The recent death of Nazi war criminal Erich Priebke in Italy has re-opened a debate about whether or not it is now time to draw a line under Hitler’s atrocities.
Priebke massacred 335 civilians at Ardeatine near Rome in 1944, on direct orders from Hitler personally. 75 Jews were amongst the 335 – this being an attack in reprisal for actions by the Italian resistance rather than part of the planned extermination of the Jewish people.
We are approaching the 75th anniversary of Kristallnacht, arguably the start of the holocaust, and with the passage of time some people argue that pursuing those who may have been involved – to search out and prosecute the perpetrators – is an act of vengeance rather than justice.
There are two main arguments against pursuing the guilty: one says that the passage of time is too great; and the the second says that forgiveness and compassion should be shown to what are now very elderly and sometimes extremely frail people.
There are problems with both arguments.
Regarding the passage of time: there are crimes that are covered by the statute of limitations. The lower the element of criminality, the less time available for the bringing of a prosecution. Different time limits apply in different countries; but in England the prosecution generally has just six months to bring charges for summary offences (those crimes which are heard only in a Magistrates’ Court). But the most serious crimes, including murder, have no time limit.
If you wish to argue that the holocaust was too long ago to pursue today, you need to say how long is too long. Turn the question around: if a person murders somebody today, how long must they hide away before they can be free of the risk of prosecution? 10 years? 20 years? 50 years? Longer?
And what about killers who have been sentenced to life without chance of parole? If people who have not been convicted after a period of time can be considered free; why can’t those in prison also assume the same freedom with the passage of time? Should Ian Brady, Robert Maudsley, Dennis Nilsen, Robert Black, Rosemary West and their ilk be freed?
No. The law recognises that some crimes are so serious that redemption can’t come automatically with the passage of time. So this brings us onto the next argument: the age of the accused.
There are problems with this argument too. If you don’t prosecute people because they are old, what happens when old people commit crimes, such as 96-year-old Amanda Rice Stevenson who shot and killed her 53-year-old nephew Johnny Rice in Florida in September 2011?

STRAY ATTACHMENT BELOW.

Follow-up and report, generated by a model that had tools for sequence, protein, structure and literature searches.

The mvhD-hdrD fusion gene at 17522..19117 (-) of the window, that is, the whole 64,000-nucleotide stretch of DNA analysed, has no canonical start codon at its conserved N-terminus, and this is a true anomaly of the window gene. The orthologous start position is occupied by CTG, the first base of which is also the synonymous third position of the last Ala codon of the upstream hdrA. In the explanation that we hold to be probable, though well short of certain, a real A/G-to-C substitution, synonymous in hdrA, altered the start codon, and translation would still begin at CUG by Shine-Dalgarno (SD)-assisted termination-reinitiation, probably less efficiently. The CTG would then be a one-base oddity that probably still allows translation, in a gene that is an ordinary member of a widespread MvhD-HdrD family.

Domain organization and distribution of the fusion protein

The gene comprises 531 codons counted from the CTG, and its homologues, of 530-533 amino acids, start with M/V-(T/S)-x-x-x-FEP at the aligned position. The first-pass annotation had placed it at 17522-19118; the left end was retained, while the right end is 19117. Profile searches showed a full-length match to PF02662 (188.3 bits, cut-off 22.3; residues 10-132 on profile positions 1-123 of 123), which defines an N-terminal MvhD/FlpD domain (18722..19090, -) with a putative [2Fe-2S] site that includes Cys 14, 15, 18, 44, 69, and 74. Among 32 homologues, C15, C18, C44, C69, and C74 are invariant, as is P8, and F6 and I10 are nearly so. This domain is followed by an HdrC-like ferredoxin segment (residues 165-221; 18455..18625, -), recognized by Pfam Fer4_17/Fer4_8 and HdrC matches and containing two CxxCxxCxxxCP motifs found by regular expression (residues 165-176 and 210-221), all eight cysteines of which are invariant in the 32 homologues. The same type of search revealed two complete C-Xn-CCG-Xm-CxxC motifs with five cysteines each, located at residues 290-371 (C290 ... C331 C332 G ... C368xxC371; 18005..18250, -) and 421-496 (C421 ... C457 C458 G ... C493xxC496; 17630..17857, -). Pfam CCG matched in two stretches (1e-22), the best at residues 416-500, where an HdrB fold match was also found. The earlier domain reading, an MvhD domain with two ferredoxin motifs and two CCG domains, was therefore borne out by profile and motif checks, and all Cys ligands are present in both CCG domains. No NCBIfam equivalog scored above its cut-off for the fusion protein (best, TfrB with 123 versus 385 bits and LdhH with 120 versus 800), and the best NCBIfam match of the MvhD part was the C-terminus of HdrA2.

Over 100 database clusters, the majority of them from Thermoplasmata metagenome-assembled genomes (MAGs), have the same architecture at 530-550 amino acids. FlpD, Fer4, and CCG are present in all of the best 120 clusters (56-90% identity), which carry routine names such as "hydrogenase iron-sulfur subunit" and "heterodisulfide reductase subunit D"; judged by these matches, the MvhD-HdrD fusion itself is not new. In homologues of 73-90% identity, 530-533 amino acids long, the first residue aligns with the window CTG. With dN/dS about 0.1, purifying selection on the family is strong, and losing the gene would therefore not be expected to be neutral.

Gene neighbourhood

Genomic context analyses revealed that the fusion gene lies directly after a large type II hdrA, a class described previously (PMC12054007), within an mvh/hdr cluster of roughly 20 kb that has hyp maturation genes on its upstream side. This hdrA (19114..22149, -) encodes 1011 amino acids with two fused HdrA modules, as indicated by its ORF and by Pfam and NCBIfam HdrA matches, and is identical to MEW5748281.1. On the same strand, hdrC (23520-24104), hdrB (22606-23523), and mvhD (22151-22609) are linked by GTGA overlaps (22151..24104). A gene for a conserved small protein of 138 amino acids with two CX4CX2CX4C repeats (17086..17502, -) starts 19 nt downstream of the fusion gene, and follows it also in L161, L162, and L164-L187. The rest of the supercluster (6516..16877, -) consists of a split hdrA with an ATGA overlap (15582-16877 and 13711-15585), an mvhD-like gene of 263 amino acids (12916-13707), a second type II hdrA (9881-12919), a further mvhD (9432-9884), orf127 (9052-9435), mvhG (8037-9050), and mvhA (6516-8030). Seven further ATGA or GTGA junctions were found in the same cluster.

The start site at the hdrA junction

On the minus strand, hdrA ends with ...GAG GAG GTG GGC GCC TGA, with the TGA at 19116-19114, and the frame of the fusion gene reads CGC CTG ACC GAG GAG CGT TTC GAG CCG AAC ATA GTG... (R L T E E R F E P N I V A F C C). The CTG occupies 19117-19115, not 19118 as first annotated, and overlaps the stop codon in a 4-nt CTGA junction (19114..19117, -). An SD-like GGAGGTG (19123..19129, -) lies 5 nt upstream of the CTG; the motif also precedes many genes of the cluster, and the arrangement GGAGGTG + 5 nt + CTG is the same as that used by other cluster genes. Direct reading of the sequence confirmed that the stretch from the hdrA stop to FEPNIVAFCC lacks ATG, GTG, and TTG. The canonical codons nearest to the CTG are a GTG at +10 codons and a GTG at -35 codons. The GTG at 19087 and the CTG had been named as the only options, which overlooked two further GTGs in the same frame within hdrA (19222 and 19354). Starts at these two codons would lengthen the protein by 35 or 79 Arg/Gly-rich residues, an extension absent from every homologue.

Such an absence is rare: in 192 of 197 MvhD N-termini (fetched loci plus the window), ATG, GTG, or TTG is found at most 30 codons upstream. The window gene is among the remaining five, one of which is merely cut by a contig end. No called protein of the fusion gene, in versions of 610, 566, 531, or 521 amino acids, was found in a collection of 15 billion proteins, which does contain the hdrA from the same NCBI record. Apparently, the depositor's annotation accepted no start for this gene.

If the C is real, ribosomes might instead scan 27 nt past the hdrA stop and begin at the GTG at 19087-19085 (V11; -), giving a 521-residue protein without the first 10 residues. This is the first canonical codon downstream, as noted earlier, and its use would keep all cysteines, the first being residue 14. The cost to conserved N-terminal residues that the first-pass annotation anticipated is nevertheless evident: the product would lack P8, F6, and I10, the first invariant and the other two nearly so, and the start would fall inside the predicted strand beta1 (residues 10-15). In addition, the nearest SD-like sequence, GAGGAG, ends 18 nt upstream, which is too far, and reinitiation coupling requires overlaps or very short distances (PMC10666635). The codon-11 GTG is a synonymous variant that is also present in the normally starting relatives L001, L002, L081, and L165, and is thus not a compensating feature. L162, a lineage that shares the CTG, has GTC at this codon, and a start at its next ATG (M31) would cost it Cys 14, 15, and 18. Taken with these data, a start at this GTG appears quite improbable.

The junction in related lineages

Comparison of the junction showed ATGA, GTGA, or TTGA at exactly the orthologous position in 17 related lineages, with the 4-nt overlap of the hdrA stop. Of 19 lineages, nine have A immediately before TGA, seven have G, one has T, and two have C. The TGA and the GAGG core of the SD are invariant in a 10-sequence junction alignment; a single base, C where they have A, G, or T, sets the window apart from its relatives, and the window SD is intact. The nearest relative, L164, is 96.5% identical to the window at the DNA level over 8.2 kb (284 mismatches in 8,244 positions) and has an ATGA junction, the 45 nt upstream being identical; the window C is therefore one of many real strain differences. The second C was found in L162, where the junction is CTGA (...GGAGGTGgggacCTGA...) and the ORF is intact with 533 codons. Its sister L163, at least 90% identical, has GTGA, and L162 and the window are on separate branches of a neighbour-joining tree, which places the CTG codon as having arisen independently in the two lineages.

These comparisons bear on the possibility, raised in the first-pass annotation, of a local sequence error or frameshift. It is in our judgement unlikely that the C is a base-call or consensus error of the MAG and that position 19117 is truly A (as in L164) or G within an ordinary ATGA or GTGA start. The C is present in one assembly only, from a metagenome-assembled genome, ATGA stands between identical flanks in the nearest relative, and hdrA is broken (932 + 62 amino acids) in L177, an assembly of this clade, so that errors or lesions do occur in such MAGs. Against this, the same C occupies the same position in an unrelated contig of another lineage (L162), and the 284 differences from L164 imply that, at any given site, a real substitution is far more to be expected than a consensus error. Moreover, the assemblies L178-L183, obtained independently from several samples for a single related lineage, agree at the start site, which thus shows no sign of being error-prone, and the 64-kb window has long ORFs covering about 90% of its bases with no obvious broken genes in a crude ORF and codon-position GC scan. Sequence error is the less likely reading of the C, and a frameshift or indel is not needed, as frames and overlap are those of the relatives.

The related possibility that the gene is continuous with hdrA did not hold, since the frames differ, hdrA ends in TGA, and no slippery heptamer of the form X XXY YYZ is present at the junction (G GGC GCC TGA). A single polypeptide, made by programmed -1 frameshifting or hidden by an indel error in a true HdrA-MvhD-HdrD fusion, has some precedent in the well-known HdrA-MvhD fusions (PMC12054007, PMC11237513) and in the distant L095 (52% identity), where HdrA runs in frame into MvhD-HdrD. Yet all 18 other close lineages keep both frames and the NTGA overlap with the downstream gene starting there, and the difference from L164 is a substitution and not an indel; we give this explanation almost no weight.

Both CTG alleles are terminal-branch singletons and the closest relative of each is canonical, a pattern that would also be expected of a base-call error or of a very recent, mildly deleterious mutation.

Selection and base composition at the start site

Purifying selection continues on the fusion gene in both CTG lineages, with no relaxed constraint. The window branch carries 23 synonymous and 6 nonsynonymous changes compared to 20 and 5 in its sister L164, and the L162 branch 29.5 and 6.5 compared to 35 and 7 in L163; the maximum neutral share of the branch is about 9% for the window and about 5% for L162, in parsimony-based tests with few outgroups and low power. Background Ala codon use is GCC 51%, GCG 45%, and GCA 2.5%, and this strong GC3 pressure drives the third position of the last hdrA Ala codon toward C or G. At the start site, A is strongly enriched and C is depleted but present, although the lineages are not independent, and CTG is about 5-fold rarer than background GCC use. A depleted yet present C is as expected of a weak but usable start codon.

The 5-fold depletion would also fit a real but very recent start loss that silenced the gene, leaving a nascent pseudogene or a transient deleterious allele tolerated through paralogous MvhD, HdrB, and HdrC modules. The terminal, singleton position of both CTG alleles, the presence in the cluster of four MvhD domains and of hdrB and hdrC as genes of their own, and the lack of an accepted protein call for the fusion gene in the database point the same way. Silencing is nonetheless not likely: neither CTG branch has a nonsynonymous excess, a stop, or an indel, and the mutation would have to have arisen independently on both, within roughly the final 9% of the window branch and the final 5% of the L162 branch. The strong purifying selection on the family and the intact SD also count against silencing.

Of course you don’t become above the law simply because you are old. What happens, as in the case of Amanda Rice Stevenson, is that the authorities determine whether or not you are fit to stand trial. Stevenson was found to not have the mental capacity to stand trial, but it wasn’t automatic. Each case is decided on its merits.
Erich Priebke was discovered living in Argentina and brought to Italy for trial. After his conviction it was decided that he was too old to serve his sentence in jail and he was placed instead under house arrest. His trial and conviction was not about vengeance but justice. And justice was done.
The Holocaust is not merely an historic event, something very bad that happened a long time ago in a land far away. It was the systematic genocide of more than six million people, mainly Jews. It happened in living memory. I have met and interviewed Holocaust survivors. It happened, in part, in a land within sight of England.
Two thirds of Europe’s Jews (an estimated one third of all Jews in the world) were slaughtered by Hitler’s ruthless inhumane killing machine. Hitler could not have done this by himself. It was a major industrial process involving thousands of people. Many of those involved died in the war, or were captured soon afterwards. But many escaped to live a secret life, hiding their past involvement as accomplices and co-conspirators to mass murder.
It is only right and just that they should be found and brought to justice. Yes, questions must be asked about their fitness to stand trial; but where possible and appropriate justice must be done.
The passage of time cannot be allowed to be a defence to genocide or other war crimes committed by the Nazi regime.